Ongoing Financial Crisis Luxury Goods Industry

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Ongoing financial crisis luxury goods industry

Ongoing financial crisis luxury goods industry


China has become the country with the strongest purchasing power of luxury cars in the world. Many luxury cars are eager to enter the Chinese market. The latest statistics show, the BMW Group's global sales fell 19%, but its sales in China grew 26%. In addition, while the financial crisis causes demand for luxury brands decline in Europe and the United States, the Chinese luxury market is still getting better. At present, China's luxury consumption accounts for 25% of the global market and for the first time it surpassed the United States to become the world's second-largest luxury goods consumer country. The aim of the paper is to investigate the effect of the crisis on the Chinese luxury market and to forecast the continuation of current trends in the market.

Table of Contents


Chapter I: Introduction4

Luxury Market4

Chapter II: Literature review8

China Retail Stores11

Weakening in Mature Markets23

The China Market29

Chapter III: Methodology32

Data collection32

Individual country's preference using CA33

Methoddology Conclusion36

Chapter IV: Finding and analysis38

Chineese Consumers38

Chinese Brands40

Non-Market Forces42

Method of Using the Case43

Questions for Discussion43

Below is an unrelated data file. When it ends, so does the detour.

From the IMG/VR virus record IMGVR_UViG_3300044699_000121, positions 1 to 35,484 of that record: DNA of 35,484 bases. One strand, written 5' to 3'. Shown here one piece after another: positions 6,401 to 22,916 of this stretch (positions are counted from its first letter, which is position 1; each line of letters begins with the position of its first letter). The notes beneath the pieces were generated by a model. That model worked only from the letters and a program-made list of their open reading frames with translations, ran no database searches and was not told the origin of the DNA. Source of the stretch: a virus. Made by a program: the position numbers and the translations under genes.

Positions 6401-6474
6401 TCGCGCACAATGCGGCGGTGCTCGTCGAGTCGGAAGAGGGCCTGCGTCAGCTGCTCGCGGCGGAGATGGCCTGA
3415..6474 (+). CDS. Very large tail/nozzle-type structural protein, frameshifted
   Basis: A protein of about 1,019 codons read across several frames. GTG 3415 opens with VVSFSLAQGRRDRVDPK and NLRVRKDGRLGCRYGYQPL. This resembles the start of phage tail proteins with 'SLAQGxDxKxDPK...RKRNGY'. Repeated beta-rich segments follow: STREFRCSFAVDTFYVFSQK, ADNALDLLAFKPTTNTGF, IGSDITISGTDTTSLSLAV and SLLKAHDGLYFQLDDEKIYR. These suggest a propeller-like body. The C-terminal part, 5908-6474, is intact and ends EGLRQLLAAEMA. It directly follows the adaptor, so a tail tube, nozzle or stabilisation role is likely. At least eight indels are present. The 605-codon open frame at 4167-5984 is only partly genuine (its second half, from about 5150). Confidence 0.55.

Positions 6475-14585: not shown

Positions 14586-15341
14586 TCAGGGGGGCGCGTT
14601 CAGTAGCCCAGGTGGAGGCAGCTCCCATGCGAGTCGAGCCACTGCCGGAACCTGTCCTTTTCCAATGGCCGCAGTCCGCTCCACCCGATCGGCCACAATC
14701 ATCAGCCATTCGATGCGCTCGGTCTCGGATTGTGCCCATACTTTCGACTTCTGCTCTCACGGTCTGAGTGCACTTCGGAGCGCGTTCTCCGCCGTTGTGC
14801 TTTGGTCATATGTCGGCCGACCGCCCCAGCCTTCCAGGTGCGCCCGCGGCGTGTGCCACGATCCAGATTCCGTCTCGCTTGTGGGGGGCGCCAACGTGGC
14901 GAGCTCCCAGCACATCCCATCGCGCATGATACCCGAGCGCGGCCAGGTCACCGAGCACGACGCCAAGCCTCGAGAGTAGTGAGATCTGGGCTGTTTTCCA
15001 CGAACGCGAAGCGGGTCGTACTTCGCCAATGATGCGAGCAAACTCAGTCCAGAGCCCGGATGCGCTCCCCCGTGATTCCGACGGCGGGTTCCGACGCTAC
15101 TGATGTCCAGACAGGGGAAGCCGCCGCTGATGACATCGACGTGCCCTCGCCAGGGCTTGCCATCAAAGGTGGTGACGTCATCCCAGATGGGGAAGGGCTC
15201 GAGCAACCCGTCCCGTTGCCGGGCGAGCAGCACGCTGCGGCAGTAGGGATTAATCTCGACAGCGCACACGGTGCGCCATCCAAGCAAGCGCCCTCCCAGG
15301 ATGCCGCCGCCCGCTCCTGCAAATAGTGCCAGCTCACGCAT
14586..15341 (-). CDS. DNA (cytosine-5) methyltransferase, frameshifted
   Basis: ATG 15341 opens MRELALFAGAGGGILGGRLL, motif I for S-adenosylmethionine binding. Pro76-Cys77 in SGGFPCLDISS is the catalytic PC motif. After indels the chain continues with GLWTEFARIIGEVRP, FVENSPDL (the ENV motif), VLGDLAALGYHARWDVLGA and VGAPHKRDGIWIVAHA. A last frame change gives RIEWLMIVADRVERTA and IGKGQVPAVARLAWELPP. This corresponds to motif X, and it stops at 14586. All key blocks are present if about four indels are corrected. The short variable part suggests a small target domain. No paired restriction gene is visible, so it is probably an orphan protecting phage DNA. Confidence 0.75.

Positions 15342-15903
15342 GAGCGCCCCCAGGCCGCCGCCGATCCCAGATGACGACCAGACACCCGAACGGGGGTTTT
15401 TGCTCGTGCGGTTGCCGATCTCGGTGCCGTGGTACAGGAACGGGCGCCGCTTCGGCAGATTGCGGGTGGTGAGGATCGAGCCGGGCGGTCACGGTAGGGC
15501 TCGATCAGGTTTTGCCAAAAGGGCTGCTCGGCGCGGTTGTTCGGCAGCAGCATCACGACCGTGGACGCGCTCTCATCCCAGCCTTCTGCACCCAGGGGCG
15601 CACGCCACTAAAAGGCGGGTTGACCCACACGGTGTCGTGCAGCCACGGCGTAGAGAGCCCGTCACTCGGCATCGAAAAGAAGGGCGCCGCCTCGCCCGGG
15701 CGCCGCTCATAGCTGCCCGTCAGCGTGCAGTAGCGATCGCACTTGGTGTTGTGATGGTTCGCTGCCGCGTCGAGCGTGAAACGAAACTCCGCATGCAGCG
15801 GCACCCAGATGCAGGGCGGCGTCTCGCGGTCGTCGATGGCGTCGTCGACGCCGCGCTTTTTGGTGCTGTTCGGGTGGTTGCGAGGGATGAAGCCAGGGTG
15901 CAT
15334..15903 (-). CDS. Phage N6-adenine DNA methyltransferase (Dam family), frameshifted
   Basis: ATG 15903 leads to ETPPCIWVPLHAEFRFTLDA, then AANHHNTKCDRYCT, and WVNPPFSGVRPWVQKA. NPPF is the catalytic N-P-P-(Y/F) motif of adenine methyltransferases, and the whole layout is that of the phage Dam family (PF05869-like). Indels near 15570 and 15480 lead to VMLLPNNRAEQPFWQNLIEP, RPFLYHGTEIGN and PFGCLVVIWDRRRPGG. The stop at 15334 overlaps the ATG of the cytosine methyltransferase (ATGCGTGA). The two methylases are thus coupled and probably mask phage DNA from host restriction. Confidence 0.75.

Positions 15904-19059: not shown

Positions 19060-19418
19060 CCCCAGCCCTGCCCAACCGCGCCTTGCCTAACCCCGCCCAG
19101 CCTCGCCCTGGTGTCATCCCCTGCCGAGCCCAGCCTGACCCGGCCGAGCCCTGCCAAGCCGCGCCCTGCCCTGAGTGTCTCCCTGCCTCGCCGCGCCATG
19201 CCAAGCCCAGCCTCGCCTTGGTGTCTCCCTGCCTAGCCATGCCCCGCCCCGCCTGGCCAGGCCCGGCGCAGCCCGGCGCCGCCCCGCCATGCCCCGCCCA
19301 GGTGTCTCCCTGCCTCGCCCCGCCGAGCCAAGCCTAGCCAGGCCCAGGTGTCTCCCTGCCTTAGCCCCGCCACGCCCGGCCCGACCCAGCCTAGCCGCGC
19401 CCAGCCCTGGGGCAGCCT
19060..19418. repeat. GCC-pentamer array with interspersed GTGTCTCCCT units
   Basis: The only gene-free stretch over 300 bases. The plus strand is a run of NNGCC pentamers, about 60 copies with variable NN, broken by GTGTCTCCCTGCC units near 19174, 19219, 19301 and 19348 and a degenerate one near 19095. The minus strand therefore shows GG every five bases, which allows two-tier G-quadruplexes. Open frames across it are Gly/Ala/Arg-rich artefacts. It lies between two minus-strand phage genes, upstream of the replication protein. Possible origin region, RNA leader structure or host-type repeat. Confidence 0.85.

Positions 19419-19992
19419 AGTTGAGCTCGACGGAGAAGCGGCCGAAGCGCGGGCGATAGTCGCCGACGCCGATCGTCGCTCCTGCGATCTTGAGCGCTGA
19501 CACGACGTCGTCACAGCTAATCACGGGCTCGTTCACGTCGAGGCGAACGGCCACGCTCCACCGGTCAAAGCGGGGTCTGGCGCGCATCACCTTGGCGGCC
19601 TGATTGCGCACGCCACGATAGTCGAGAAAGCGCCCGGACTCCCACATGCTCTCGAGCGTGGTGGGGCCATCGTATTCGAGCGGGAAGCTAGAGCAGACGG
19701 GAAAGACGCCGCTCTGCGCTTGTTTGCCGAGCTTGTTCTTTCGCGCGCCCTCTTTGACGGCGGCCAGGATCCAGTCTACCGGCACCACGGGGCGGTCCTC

Methods and Theories in the Case44

Chapter V: Conclusion50



Chapter I: Introduction

Luxury Market

Testifying to the growing affluence and consumerism within the country, China has been experiencing a relentless surge in consumer buying in recent years. Driven by the frenzied speculations in the domestic property and shares market, China has been witnessing the growing emergence of billionaires. In 2007, China had the second largest number of billionaires in the world, behind the U.S., where the number of Chinese billionaires totaled at 108, rising about tenfold from the previous year. Meanwhile, there were about 300,000 Chinese millionaires in 2007. (Lee and Kim, 2003 Lee, Y. J., & Kim, H. Y. 2003, 54-67)

Pertinent to the growing economic environment, the presence of a group of strong middle class is also observed to be stronger. Defined broadly based on the level of disposable income, educational levels, as well as purchasing habits and attitudes, this group of consumers have adopted modern purchasing habits. Estimated at 250 million of the population, this group of middle class consumers is fast becoming one of the key drivers behind the growth of most product categories that enjoy high penetration within the country.

Driven by the inclination of an alleviated social status, this group of Chinese consumers has set their sights on the high-end market, where the luxury market is increasingly being sought after by the new urban Chinese consumers. Apart from reflecting a standard of excellence, luxury brands exude the alluring characteristics of premium quality, craftsmanship, and most importantly, exclusivity and reputation. (Lee and Kim, 2003 Lee, Y. J., & Kim, H. Y. 2003, 54-67)

The new generation of Chinese consumers desires status and is unabashed to flaunt their new money. Coupled with the culture of corporate gift-giving for the purpose of building guanxi, spending in the Chinese luxury market has been handsome. Currently, China is the second largest luxury market in the world, after Japan. In 2007, Chinese consumers spent more than ...
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